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If we had to summarize what orange wines, or macerated wines, are, we could say they are wines produced starting from white grapes, but using the production process of reds, so keeping the skins in contact with the must. The time of this contact is variable: it can go from a few hours to several months.

There has been growing interest for some years in this type of wine, which at first glance can lead one to think of a new phenomenon. In reality, orange wines have very ancient origins, we are talking about thousands of years ago. They have always been produced in Georgia using kvevri, traditional terracotta amphorae typical of the region. This is not the only area that has a historical link with the macerated wines. The area that develops around the border between Friuli and Slovenia also has a close connection with orange wines. This geographical area, in particular, has played a fundamental role in the rediscovery of this particular production method.


In recent years much has been said about orange wines. They have often been framed as extreme wines, as the right choice when you want to try something daring, perhaps even a little difficult. In short, like difficult wines. On the one hand, this perspective has some truth to it. The presence of tannins, due to contact with the skins, gives the wine a third dimension made up of hardness and edges. Furthermore, the combination of white grapes and maceration gives the wine hints that for many may be wild, or unfamiliar. Another point: often the macerated wines, especially in the case of prolonged contact with the skins for months, result in textured wines of great consistency. So much so that someone, jokingly, sometimes calls them “eat and drink” wines.

This important structure, on the other hand, opens up an equally significant and less highlighted theme: orange wines are very versatile, especially when it comes to food pairing. The reasons for this adaptability are varied. One, just mentioned, is certainly that of the body. A more present structure than that of the classic whites allows the orange wines to leave the most common pairing perimeters, which want them combined mainly with delicate dishes, often based on fish.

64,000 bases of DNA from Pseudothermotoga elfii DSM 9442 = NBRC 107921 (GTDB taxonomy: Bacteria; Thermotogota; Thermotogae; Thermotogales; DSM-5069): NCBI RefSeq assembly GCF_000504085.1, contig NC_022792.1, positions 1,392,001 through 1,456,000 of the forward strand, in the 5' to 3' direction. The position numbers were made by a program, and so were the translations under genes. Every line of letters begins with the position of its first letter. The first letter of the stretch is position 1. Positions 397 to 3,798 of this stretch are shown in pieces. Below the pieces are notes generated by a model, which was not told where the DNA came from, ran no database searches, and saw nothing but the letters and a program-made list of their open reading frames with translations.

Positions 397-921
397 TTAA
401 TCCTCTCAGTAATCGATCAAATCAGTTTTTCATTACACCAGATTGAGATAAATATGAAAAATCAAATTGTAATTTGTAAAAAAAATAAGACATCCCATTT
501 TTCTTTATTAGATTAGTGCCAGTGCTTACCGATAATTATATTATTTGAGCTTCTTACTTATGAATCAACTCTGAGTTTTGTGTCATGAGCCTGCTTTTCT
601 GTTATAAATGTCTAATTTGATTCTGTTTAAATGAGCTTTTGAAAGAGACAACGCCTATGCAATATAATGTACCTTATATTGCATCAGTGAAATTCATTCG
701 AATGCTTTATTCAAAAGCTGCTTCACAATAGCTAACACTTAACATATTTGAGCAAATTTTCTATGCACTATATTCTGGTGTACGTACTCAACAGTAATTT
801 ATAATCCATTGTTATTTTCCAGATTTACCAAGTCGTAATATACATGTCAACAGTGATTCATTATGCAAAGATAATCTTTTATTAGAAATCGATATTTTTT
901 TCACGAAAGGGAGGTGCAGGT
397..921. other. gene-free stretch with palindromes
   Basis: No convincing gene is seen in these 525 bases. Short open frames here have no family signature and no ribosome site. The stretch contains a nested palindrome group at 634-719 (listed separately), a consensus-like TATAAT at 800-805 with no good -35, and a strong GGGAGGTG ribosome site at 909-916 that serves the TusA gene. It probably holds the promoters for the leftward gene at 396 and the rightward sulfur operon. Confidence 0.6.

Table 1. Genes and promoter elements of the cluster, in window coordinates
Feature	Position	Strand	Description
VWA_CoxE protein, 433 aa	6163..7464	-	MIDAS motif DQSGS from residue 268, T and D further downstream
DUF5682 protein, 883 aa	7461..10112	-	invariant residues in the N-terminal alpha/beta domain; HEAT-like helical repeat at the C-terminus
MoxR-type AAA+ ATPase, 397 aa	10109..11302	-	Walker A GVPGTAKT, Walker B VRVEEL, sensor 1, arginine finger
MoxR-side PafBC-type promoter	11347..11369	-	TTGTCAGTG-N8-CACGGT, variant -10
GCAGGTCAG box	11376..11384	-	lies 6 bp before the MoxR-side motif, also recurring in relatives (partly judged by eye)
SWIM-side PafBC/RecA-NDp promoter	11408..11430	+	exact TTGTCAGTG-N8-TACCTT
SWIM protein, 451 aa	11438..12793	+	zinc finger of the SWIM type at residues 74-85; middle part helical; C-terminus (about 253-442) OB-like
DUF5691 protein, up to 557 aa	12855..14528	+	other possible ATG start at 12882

The maceration times, and the relative intensity that derives from them, are decisive for precisely evaluating the most suitable combinations. We can say, for example, that it is often a good choice for white meats and medium and long-aged cheeses. Going more specifically to wines characterized by long macerations, a fundamental point is the resulting intensity.

Precisely this intensity opens up various pairing opportunities, which in some circumstances can resolve cases of complex combinations. This is the case, for example, of spicy dishes, typical of oriental cuisine. An orange wine of good intensity often has the right characteristics to support the comparison with another important intensity, that of spices. The important thing, in this case, is to keep an eye on the tannins. If too accentuated, their edges could conflict with the strong personality of the spices.


A very important issue is then that of temperature. Playing with the degrees, in the world of orange wines, can give interesting results. Starting from the assumption that the serving temperature of these wines is around 15 degrees, it must be considered that lower temperatures emphasize the hardness, therefore acidity, sapidity and tannins, while higher temperatures bring out the softness, therefore the sugars, the alcohol and the glyceric component. If this happens for any type of wine, with orange wines the breadth of scents that unfold at different temperatures is, in my opinion, truly remarkable.